A $15 Minimum Wage In New York State Would Be A Self-Inflicted WoundCommentary by Bob McTeer
September 11, 2015
Governor Andrew Cuomo’s proposal for a $15 minimum wage in New York is bolder than most, but why stop at $15? Why not $20 or $30?
The reason is that even most advocates for a higher minimum wage implicitly acknowledge its drawbacks even while they deny any significant negative consequences. While some lucky workers who get to keep their jobs would benefit, some would lose their jobs because they can’t generate equivalent revenue for their employers. Other victims include young people looking for their first job who find the bar has been raised. Others include customers who will have to pay higher prices.
The economics of a minimum wage are not that sophisticated. Most demand curves slope downward, meaning that higher prices reduce the quantity demanded while lower prices increase quantity demanded. The demand for labor is no different. It too is downward sloping unless you want to believe that employers will hire more workers at higher wages than at lower wages. A minimum wage of $15.00 per hour says to employers that it is illegal to pay less than that even if prospective worker would be glad to get it.
The Cuomo proposal would not likely cause mass layoffs in minimum wage industries. What it would likely do is slow the pace of new hiring and increase employer incentives to economize on labor through new technology or otherwise. The first rung on the job ladder would become out of reach for the marginal worker the higher minimum is intended to help. The job market would get more sluggish and the unemployment rate would be higher than it otherwise would be.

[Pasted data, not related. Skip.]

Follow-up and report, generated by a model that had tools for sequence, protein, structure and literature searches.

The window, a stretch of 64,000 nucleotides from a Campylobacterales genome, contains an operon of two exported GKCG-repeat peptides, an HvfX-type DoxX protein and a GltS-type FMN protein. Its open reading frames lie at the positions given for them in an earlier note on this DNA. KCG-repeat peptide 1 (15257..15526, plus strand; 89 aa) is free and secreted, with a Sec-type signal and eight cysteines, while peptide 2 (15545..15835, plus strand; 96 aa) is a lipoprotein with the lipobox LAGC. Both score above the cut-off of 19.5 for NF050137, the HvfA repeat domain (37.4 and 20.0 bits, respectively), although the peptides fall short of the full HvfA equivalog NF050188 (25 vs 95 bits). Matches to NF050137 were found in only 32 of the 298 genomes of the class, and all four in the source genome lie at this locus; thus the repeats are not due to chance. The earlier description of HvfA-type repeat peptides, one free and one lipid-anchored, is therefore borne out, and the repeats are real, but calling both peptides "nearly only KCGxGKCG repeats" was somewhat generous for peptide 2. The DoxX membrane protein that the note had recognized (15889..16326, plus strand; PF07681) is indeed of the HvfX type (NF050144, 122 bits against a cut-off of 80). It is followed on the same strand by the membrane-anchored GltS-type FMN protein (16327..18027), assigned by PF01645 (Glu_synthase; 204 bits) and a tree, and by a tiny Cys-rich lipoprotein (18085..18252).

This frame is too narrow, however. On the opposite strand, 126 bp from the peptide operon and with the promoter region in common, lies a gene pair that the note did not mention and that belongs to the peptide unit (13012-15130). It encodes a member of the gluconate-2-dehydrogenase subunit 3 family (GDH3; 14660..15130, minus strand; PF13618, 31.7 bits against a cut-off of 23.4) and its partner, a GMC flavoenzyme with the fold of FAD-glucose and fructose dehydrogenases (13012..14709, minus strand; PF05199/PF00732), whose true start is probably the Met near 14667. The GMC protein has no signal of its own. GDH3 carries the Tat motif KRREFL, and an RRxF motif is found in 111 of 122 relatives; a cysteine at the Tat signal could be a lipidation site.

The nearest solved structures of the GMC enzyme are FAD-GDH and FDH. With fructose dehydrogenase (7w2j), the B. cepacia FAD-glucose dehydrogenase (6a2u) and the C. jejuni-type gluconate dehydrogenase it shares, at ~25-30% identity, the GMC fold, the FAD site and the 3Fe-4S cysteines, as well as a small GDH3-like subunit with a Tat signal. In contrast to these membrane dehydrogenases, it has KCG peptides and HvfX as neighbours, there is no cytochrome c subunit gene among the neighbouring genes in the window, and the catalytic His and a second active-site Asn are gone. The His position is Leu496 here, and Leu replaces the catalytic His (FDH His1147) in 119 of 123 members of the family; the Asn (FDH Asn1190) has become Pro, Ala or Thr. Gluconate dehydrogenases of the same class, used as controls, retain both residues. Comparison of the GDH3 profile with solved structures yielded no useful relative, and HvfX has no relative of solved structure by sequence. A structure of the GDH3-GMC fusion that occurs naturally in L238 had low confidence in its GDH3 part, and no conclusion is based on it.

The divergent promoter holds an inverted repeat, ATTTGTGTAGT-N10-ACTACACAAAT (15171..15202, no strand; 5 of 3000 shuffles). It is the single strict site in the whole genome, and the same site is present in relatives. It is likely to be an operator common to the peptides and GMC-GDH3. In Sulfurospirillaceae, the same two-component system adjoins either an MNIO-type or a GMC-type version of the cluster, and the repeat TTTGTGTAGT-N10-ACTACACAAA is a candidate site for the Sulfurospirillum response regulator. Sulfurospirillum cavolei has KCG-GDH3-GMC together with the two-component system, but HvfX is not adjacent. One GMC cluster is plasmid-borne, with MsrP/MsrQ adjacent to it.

I’ve heard liberals argue that the higher wages would give more purchasing power to the workers affected and that would increase demand for the employer’s product or service. That’s nonsense. If your local burger joint is forced to pay a significantly higher minimum wage, the workers that remain would have more purchasing power, but how much of that will they spend at the local burger joint? The costs are concentrated while any additional spending would be diffuse.
I say “any” additional spending because the additional spending by the job retainers would have to be netted against the reduction in spending by the job losers or those unable to reach the low rung on the job latter.
I will concede a couple of points. $15 is not as high, relatively speaking, in New York as in lower cost places. Also, a statewide minimum would probably work better that a city-wide minimum since alternative places to shop would be reduced. Of course, that argument would also apply to a national minimum wage over a state one.
In a way it’s good that cities and states are getting more aggressive on the minimum wage than the country at large. They will be a laboratory to test whether I’m right or whether the liberal politicians are right. A state mistake would be bad, but not as bad as a national mistake. The failure of high minimum wages in local experiments might just create some good teaching moments.